• Do a question a day (hell, even set a Whatsapp group with friends as a little side-project)
  • Pick the option that’s “all three” for the really lengthy questions (Chris’ law) or “none of the above” for the short ones
  • Write your own MCQ-style questions based on your notes for class (practice them come exam time)

Hopefully, by following this and the aforementioned study tips, you shouldn’t have too many problems. 

As for oral or written examinations? Something that requires a long and detailed explanation of something so obscure you’ll be destined to forget it as soon you walk away?

Hmm, well here’s where I suggest using the Feynman technique (explained excellently here) – a process where you pretend like you’re teaching the concept/principle to someone in as basic terms possible (like they’re five) all while speaking out loud, drawing or whatever else it is you need to do. That’ll drastically save you time (and better your retention) in the long run.
Do this for all the possible curriculum points that could come up and you’ll be more than excellently prepared.

Resources & Related Articles:

How to Answer Multiple Choice Questions Like a Pro (some really get technique tips you can use even if it’s designed for US-based SATS)

Feynman Technique (Thomas Frank’s (College Info Geek) excellent primer on how, why and when to use this killer exam preparation buster)

Rough Guide to European Medical School Exams (my own little guide on how exams work in med school and how best you can prepare for them.

Long Term Thinking in Medical School and Beyond

Here’s one that most other students won’t worry about (but your parents or family might). Start thinking about the future (and where you think you might want to take your career) now. Even if just a little.

That kind of thinking can help pay dividends later. Especially if you have your heart set on a certain specialism (what you’ll train in after med school) that could prove competitive to get into. Or a certain country you might have to learn a language/sit board exams for. 

So many first years neglect even some thought in this regard. And, although I get that you’ve likely just started and are overwhelmed by a thousand other things, it kind of does matter. Not the point where it should overly-stress you though!

Case in point: my story. 

Starting out in the first year, any idea of the steps involved post-medical school I might have to take (in my case to come back to the UK and qualify) were the furthest thing from my mind. But now, with clinical placements, specialist applications and even a new board exam (that didn’t exist before) on the horizon, suddenly I’m being forced to think much more about it. 

Knowing about some of these things in my first year? Would have given me more time to line-up work experience, understand the process and work out a general plan for the long-term. Thus saving me a whole heap of stress now.

My advice to you then: spend some time now identifying where you think you might be at the end of your journey. It doesn’t have to be a lot. But even a little foresight can offer a fair bit of reassurance.

Resources & Related Articles:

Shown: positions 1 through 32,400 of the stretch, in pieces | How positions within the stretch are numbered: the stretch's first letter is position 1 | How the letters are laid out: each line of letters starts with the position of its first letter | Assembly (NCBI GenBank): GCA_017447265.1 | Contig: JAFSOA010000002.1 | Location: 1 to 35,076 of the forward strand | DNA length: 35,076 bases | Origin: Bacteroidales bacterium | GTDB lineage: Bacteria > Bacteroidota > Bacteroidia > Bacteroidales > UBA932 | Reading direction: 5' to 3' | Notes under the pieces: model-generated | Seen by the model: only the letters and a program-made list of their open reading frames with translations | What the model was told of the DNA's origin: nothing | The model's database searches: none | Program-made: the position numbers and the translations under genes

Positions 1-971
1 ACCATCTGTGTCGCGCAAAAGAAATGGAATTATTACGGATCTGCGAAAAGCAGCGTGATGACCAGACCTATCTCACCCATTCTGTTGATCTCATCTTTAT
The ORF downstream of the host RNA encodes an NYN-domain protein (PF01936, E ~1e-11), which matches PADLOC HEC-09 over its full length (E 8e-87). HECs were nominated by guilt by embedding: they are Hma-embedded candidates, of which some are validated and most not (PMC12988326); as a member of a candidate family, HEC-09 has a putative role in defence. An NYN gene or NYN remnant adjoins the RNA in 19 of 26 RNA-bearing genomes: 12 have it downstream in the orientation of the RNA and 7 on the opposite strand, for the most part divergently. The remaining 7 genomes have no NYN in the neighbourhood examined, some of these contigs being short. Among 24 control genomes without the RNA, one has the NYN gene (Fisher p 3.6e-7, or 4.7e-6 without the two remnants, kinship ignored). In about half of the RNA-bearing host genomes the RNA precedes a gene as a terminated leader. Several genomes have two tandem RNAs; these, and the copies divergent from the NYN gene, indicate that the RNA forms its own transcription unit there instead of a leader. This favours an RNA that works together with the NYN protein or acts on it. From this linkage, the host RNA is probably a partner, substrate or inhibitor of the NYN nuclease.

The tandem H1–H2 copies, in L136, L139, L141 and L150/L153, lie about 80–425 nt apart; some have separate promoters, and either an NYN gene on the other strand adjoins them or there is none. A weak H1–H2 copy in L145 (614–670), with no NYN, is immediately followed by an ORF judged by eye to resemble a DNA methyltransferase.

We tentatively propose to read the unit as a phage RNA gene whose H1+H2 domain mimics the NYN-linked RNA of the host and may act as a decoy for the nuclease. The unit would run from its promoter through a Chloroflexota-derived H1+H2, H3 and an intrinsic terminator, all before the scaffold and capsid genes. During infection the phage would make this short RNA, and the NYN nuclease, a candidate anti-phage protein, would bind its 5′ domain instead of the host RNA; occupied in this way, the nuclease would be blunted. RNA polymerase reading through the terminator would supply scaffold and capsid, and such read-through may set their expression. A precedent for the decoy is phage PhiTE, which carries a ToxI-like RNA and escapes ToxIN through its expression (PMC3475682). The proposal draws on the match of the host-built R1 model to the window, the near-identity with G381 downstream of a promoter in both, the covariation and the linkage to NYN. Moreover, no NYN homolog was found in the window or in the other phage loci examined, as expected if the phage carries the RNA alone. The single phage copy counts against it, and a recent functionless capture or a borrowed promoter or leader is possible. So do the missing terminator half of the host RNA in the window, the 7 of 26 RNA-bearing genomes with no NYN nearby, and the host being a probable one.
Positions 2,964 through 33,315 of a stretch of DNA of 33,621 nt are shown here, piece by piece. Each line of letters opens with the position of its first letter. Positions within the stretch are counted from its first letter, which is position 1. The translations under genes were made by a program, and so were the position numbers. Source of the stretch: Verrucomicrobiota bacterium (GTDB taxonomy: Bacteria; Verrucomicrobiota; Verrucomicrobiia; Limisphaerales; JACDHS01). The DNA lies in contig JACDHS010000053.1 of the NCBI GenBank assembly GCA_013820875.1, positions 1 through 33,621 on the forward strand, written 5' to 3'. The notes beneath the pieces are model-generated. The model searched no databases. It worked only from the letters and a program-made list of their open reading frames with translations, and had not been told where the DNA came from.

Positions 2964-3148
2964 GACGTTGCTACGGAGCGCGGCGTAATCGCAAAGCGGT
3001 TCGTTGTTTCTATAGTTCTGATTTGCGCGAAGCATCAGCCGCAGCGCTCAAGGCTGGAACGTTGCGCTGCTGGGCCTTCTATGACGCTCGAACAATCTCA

Med Students Gateway Career Development (US-centric but still with some great pointers for career planning post med school)

Staying Sane in Medical School (While Everybody Else Loses It)

Mental health is everything in med school. And your first year will be a very challenging time. Possibly pushing you to uncomfortable places you’ve not yet experienced.

Being kind to yourself is critical during this period. So go easy on yourself if you do make mistakes, screw relationships up or fail at exams. It’s nothing nobody else before you hasn’t gone through. 

Help you, help yourself. Make sure you’re getting enough sleep. Eat as healthy as you can. Try and exercise or move your body in some shape or form. Join clubs.

Take breaks away from studying. Cultivate hobbies that have nothing to do with medicine. Give yourself space outside what’s going on in school to think, contemplate and breathe. 

Finding a way to detach now, before the course load ramps up and you have a ton more classes, is essential. Having other ways to identify and think about yourself – outside of simply being a “medical student” is great too. As is having friends outside of medicine (giving you other things to talk about). 

And if you do see other people struggling (which they inevitably will)? Do your best to help them out. Even if it means just listening. 

Resources & Related Articles:

Meditations by Marcus Aurelius (my all-time favourite book; I make it a thing to read this at least once a year)

Final Thoughts

Reading back, I’ve a surprisingly put a lot of my soul into this article. Not realizing I had so much to say first starting out, it’s weird how this progressed into something of a passion piece (and, some might say, an otherwise long-winded monster). 

I guess that serves as a reminder as to just how difficult that first year in med school was. As well as how far I’ve come along now (based on the fact I’d forgotten how much I had to say).

That’s how fast time moves in med school. One day you show up, awkward, anxious and knowing nothing. Then the years roll smoothly into one another and you’re suddenly shocked you’re more than half-way through.

Every now and then I try to remember that scary beginning though. And then my thoughts shift toward how much better I might have done knowing some of this back then.

So while I’m sure these tips are far from comprehensive, I do hope they can be of some help.

One last thing to remember? If you really do feel stuck, scared, overwhelmed or whatever else; there’s usually someone out there willing to help. 

All it takes is reaching out and asking.

Good luck!